Climbing Sundew Flowers (Drosera macrantha)

I’ve posted a few photographs of the Climbing Sundew plant, including macro images of the amazing pod-like leaves, with their red, sticky hairs poised to capture insects.  This week, the flowers have emerged.  The swollen, hairy buds almost look like Poppy buds.  The flower itself looks similar to the Scented Sundew flower, with the surprising addition of a fluffy or bearded centre.

As its name suggests, the Climbing Sundew twines around taller plants. When I see the tendrils of a  Climbing Sundew tightly twined around the stem of a bracken frond, I can’t resist photographing it. The combination of the russet-brown, bright green and wet red hairs is interesting even when the plant is not in flower. When it is – wow!  This plant is one of my favourites.

Climbing Sundews can grow quite tall – I’ve seen some plants that are 40 to 50 cm high – with the flower often peeking through the leaves of the support plant.  Often the support plant is bracken, but it also can use  rough tree bark as a support too.

Enjoy the photographs.

This flower is newly open and has not yet flattened out.
The yellow-tipped stamens protrude from the white fluffy centre of the flower.
Poppy-like buds hang beneath the fully opened flower.
This colour combination attracts me, but it is difficult to get everything in focus…
While other plants are in flower, this Climbing Sundew is just emerging from the ground, so we have more flowers to look forward to later on in the year.
I love the way the white flower almost seems to float over the bracken.




8 thoughts on “Climbing Sundew Flowers (Drosera macrantha)

  1. Yes, they are indeed very captivating. I’ve rescued the odd spider out of pity when I’ve come across such a scene. You always have such lovely photos!

    1. Thanks – I was out this morning with the camera, trying for birds and still getting side-tracked by Climbing Sundews! Because the sticky leaves are at odd angles, I never feel I have fully captured the way the plant looks when I come across it, but I keep trying. I’m glad you liked the photographs. 🙂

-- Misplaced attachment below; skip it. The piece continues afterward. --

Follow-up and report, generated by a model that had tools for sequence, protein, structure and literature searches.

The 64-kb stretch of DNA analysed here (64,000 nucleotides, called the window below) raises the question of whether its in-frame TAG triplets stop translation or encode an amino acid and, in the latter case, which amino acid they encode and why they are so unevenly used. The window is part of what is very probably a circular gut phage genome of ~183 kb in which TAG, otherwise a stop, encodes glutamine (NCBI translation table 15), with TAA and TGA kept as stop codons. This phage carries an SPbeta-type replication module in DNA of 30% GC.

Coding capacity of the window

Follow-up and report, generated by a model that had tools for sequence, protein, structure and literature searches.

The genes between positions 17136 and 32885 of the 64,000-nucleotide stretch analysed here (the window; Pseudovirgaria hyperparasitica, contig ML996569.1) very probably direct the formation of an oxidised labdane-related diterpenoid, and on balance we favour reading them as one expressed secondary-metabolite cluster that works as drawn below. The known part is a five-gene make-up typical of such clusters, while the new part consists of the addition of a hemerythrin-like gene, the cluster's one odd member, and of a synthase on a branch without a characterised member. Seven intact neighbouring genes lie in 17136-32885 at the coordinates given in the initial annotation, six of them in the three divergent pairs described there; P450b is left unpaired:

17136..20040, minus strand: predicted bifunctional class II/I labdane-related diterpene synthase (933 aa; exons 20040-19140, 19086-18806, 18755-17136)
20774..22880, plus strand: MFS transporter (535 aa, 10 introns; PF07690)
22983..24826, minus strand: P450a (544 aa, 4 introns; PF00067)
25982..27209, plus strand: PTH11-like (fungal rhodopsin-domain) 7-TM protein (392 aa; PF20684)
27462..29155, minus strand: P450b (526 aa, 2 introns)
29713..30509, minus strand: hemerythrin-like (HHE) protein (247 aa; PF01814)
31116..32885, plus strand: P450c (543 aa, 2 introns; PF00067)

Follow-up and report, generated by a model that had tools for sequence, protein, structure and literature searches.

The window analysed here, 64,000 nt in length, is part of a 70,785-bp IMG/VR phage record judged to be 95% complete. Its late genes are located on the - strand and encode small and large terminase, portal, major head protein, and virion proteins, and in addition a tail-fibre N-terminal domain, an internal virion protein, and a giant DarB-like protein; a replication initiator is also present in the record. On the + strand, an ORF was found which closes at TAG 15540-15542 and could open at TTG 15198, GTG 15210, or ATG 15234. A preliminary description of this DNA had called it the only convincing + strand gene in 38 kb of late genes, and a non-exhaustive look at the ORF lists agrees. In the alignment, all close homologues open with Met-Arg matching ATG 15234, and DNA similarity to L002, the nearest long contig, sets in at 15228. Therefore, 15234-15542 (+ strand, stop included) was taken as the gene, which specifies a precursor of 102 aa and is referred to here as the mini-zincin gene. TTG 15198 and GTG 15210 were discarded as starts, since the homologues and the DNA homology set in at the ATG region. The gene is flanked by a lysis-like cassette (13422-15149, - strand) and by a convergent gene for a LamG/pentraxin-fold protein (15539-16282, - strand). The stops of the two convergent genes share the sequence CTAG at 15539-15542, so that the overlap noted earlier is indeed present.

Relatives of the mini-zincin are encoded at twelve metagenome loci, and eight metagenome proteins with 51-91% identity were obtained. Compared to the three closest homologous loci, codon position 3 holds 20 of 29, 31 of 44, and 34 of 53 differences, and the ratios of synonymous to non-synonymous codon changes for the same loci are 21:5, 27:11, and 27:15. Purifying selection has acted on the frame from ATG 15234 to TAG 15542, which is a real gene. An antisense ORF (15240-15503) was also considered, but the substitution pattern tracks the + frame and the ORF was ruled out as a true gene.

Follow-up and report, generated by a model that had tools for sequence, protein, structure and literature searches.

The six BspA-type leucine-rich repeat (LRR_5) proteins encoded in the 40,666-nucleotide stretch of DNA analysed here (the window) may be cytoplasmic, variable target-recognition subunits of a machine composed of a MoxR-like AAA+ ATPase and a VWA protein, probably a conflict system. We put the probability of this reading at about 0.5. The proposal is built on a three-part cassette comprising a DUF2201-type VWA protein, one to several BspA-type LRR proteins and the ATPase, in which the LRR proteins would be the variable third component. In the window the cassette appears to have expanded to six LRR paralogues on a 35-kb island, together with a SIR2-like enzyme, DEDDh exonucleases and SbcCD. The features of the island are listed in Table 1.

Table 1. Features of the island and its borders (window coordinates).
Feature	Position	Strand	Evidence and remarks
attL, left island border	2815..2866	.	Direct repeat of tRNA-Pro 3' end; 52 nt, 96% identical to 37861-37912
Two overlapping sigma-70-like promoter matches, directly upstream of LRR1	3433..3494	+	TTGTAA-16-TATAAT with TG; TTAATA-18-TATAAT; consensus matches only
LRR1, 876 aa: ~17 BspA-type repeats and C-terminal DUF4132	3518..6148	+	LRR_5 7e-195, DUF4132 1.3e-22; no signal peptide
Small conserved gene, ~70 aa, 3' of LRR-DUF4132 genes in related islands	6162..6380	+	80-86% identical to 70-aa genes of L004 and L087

1. Either way, your images capture the tangled sticky mess they create! I agree it’s hard to get every little slice of the plant in focus, I’ve tried multiple times…and like you I never tire of taking photos of them when I cross paths.

  2. As always, a great post and wonderful images!!!

    Here’s the link to an article on depth of field.
    Above where you say “but it is difficult to get everything in focus…” – well the article will help you understand how to achieve getting everything in focus when you want to. It takes a long time to get the hang of this, and much practice!

    Thanks for your wonderful posts!


    1. Thanks for the link Mary, and for your encouragement. Thanks to some previous advice from you, I have improved the depth of field a bit, so I look forward to reading this article for the next step… Thanks again! 🙂

  3. Thanks for sharing such detail with photos, much easier to appreciate their beauty and get to know them and recognise them when out exploring.

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